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Designing with Food Allergies in Mind

Food allergies are common in our world today.  Adults and children alike suffer with modest to severe adverse reactions to all sorts of foods.  Ingredients that have the potential to trigger an allergic reaction for even one person can be found in most kitchens.  Does that mean someone with an allergy cannot eat anything they do not prepare themselves?  How do you build a kitchen that is still safe for people with allergies?

Food Allergens 101

There are 8 major food allergens as identified by the Food Allergen Labeling and Consumer Protection Act of 2004.  They are milk, eggs, fish, crustacean shellfish, tree nuts, peanuts, wheat, and soybeans.  Sesame will join the list in 2023.  Then there are the more uncommon food allergies, more than 160 according to the FDA, that cause reactions, like garlic or avocados or…the list goes on.

Designing with Allergens in Mind

 Let’s focus on the student segment.  How do K-12 cafeterias and higher education foodservices ensure their kitchens can provide food safety for every student, those with food allergies included?  A foodservice design consultant can work with the operator and the school to develop and implement operational strategies as well as design allergy-free zones that eliminate cross-contamination of ingredients.

In fact, a trend in higher education foodservice is to offer a separate and independent station for students with allergies.  A serving station, prep area, and dish washing area separate from other foodservice prep that will never include the major allergens in the area eliminate the possibility for cross contamination and creates a safer environment for the student with an allergy.  These stations should be equipped with dedicated refrigeration, prep tables, prep sink, hand sink, cooking equipment, utensils, dry storage, three-compartment sinks, and an under-counter, high-temperature dishwasher for ware washing.  Some schools even implement a prep area for students to cook their own allergen-free meals, offering them an opportunity to engage in learning lifelong cooking skills.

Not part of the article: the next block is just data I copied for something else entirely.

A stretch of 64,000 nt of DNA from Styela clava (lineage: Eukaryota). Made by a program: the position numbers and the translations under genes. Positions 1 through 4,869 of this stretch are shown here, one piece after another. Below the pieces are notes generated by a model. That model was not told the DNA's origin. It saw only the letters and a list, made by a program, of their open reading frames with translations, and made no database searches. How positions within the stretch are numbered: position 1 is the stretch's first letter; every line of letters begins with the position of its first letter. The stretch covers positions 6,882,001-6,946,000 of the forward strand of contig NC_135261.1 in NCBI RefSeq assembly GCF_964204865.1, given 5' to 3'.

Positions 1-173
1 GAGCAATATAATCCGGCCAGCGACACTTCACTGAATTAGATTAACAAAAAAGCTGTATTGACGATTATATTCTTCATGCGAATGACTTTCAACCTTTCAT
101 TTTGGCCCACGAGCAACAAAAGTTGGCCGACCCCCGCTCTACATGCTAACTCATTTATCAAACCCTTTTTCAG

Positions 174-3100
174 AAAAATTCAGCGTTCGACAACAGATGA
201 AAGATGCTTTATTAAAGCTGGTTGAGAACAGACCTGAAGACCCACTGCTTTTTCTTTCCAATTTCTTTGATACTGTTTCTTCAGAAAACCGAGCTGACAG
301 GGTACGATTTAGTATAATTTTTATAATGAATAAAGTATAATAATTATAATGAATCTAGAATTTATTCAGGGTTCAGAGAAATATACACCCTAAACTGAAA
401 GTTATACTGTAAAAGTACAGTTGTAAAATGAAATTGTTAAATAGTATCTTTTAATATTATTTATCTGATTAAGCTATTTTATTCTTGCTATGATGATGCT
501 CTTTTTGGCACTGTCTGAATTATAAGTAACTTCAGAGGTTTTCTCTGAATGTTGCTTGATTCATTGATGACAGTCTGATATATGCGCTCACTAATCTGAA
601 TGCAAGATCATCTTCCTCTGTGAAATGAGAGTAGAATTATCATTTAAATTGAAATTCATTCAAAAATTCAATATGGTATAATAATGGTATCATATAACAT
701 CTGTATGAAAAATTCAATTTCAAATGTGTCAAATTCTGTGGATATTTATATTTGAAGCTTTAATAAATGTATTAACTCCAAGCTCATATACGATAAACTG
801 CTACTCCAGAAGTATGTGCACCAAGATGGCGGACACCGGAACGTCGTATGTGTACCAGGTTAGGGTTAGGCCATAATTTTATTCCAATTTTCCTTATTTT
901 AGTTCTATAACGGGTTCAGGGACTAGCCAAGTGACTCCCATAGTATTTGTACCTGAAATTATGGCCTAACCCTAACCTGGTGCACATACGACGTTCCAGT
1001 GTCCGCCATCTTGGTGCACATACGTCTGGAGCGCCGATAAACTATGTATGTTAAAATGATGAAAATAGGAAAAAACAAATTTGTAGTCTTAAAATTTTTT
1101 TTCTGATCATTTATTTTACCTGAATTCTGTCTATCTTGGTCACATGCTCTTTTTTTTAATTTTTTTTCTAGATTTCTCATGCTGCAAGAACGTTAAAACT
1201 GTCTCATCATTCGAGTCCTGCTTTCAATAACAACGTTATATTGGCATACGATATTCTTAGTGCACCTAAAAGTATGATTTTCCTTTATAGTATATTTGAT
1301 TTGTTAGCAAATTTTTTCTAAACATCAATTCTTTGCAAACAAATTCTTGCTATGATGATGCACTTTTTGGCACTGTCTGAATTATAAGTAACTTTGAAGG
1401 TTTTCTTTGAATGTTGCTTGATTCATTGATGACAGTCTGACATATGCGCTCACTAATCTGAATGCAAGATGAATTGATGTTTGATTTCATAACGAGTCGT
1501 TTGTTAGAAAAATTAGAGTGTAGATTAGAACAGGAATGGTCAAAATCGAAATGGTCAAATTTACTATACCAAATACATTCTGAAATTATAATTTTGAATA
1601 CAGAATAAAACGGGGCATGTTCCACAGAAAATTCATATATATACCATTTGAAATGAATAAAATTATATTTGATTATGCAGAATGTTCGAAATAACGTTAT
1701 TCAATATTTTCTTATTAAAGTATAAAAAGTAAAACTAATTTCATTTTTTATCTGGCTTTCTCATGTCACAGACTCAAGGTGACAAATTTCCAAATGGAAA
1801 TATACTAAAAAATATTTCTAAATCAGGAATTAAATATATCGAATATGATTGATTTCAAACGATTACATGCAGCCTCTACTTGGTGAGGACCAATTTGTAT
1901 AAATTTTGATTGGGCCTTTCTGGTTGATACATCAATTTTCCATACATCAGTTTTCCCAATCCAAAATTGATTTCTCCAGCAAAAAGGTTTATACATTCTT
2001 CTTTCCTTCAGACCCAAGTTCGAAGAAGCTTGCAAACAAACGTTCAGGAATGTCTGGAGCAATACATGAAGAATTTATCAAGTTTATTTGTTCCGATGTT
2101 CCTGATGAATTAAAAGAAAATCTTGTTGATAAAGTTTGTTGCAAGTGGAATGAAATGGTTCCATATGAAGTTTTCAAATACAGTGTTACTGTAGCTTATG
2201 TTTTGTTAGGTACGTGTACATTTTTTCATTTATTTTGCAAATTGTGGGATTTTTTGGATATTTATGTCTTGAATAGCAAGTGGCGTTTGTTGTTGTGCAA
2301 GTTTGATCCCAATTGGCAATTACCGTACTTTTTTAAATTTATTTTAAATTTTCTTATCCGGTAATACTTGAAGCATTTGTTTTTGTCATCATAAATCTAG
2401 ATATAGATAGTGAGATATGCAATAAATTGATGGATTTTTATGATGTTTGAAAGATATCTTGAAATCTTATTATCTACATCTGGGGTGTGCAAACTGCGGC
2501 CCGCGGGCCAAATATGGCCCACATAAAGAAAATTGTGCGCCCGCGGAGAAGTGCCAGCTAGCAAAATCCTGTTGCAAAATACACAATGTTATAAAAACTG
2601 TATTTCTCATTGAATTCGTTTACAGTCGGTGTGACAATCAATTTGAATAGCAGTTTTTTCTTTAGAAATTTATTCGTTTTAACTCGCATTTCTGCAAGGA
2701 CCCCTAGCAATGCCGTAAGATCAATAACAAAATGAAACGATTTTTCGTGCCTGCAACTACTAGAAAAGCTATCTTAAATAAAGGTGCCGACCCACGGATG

Other kitchens utilize a dedicated area and chef to take care of all allergy-safe meals.  They may have color-coded utensils and cutting boards designating allergen contamination, saved in a specially sealed box, and located in the dedicated area.  Once the tools are used, they are washed, rinsed, sanitized, and dried separately from other items.  They are then wrapped in plastic wrap to keep them protected and placed in the dedicated allergy-free area.

 The Allergen Avoidance Plan

Let’s say you don’t have the space, staff, or resources to create independent stations or separate kitchens?  How can you best avoid allergen cross contamination?

Educate your Staff

 Staff need to know the importance of allergies and the protocol for allergen-free operations.  Just like with all food safety, front-of-house staff should be included in this training.  Servers should have accessibility to recipes, so they know the ingredients of each food offering, allowing them to recommend items that are free of a certain allergen ingredient or ask the kitchen to leave it out.

Use a Color-Coding Plan